2. I take a five minute walk. Just five minutes outside in the fresh air. Sometimes it's a quick walk, sometimes it's a lazy trip around the yard, just taking in our surroundings. This almost always leaves me feeling de-stressed and re-charged.

1. I close my eyes and take a deep breath. Taking in as much air as my lungs will allow, I inhale through my nose and hold the breath as long as I can. When I release the breath, I do it slowly through my mouth... as though I'm exhaling through a straw. This is THE number one way I center myself and it is the quickest and easiest self-care practice I have ever learned.

I'd like to challenge you to come up with your own list of ten things you might enjoy doing that would qualify as self-care. Choose just ONE thing on that list every day for the next week and DO IT! It could be something as simple as going outside and watering flowers. Paint your nails. Hold your teddy bear for ten minutes. Draw a picture. Make yourself a cup of hot tea. Just do something for yourself. If it makes you happy and you choose to take the time to do it - it counts as self-care! 

Until next time, may you be blessed - and inspired to pass it on!

Tuesday, August 16, 2011


A 49-year-old woman in the town where I grew up was recently arrested for sexual abuse. She was indicted on 14 charges of facilitation to first-degree rape, first-degree sodomy and incest. Reading the three little paragraphs in our local paper about this indictment brought to mind two huge myths about sexual abuse.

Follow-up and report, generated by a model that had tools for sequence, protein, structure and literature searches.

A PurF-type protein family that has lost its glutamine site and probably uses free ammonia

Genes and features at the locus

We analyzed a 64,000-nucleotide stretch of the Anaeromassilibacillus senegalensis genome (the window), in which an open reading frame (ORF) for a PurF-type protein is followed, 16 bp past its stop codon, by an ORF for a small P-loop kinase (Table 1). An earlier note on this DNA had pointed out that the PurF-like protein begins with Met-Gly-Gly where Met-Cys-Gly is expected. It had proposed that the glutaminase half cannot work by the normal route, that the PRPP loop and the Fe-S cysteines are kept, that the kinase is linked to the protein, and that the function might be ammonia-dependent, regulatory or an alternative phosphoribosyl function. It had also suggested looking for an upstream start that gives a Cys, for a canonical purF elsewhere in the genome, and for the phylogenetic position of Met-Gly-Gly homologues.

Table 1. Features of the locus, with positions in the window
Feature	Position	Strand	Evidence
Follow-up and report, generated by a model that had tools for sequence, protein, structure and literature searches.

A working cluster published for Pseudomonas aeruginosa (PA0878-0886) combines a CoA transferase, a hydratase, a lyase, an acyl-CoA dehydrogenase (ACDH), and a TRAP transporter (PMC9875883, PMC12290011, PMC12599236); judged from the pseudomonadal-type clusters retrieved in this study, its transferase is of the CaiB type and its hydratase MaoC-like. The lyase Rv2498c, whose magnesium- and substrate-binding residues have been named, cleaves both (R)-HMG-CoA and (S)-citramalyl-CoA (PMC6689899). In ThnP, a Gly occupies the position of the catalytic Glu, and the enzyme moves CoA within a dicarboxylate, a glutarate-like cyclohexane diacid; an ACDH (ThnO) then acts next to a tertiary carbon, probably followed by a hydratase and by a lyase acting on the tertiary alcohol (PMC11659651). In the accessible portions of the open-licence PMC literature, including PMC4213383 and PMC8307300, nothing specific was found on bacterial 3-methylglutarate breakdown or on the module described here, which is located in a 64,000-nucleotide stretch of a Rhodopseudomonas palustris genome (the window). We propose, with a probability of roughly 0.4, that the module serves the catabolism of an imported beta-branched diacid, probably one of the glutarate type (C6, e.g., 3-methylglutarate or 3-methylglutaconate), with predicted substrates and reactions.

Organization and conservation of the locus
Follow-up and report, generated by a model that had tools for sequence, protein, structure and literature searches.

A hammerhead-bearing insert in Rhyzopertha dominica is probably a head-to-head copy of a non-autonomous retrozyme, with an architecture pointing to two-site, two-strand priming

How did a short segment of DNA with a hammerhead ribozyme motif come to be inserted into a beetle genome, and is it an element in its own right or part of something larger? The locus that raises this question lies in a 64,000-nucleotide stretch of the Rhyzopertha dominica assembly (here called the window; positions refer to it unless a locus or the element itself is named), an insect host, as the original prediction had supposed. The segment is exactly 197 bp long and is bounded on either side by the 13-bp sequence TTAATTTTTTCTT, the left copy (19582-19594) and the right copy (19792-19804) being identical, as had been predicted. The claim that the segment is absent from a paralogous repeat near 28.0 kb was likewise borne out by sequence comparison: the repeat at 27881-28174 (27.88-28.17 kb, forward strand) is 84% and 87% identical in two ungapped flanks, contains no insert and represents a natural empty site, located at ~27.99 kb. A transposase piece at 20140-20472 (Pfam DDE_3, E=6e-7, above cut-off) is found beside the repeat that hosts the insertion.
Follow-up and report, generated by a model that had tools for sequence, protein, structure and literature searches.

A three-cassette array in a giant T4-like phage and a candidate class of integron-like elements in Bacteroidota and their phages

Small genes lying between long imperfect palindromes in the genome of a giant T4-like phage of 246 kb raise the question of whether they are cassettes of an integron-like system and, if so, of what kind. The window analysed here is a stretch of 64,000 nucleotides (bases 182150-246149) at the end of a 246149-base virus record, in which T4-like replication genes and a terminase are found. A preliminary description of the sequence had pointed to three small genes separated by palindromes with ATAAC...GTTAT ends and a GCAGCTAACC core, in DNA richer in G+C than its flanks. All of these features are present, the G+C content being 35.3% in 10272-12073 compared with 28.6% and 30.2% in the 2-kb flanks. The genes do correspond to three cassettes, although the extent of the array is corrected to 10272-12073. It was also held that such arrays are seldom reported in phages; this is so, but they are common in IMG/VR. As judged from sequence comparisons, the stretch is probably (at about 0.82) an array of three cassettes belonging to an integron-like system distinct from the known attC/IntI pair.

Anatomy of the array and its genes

The myths:

Women don't sexually abuse children.

It doesn't happen in "my" hometown.

To be clear, this woman has not been proven guilty as of the date of the publication of this blog post, but women are found guilty of abusing, molesting, and raping children more than we'd care to admit. Just search the National Sex Offender Registry. As of today, there are a handful of women in my area who are registered sex offenders.

There are so many myths about sexual abuse and rape. Sometimes I get really frustrated when people perpetuate these myths. As a survivor and an advocate, I often wonder how I can help kick these lies to the curb. I guess it's just a question of continuing to speak out until people start getting the message.

It's up to us to keep our children safe. We need to know the FACTS.

Just because your babysitter is a woman does not mean your child is somehow automatically exempt from being sexually abused or raped.

It's happening in your hometown. I promise.

Abusers depend on these myths to protect them from suspicion, and they use these myths to their advantage, often pulling the wool over society's eyes! By educating ourselves and others about the reality that is sexual abuse, we may help stop perpetuating myths and start protecting children. Keep talking. Keep teaching. Keep trying.

If you're interested in learning more about myths and facts about childhood sexual abuse, here are a few great places to get started:

Myths About Sexual Abuses 
Eight Common Myths About Childhood Sexual Abuse 
Darkness to Light: 7 Steps to Protecting Our Children

What abuse myths are you aware of? How can you help dispel them?

Until next time, may you be blessed - and inspired to pass it on!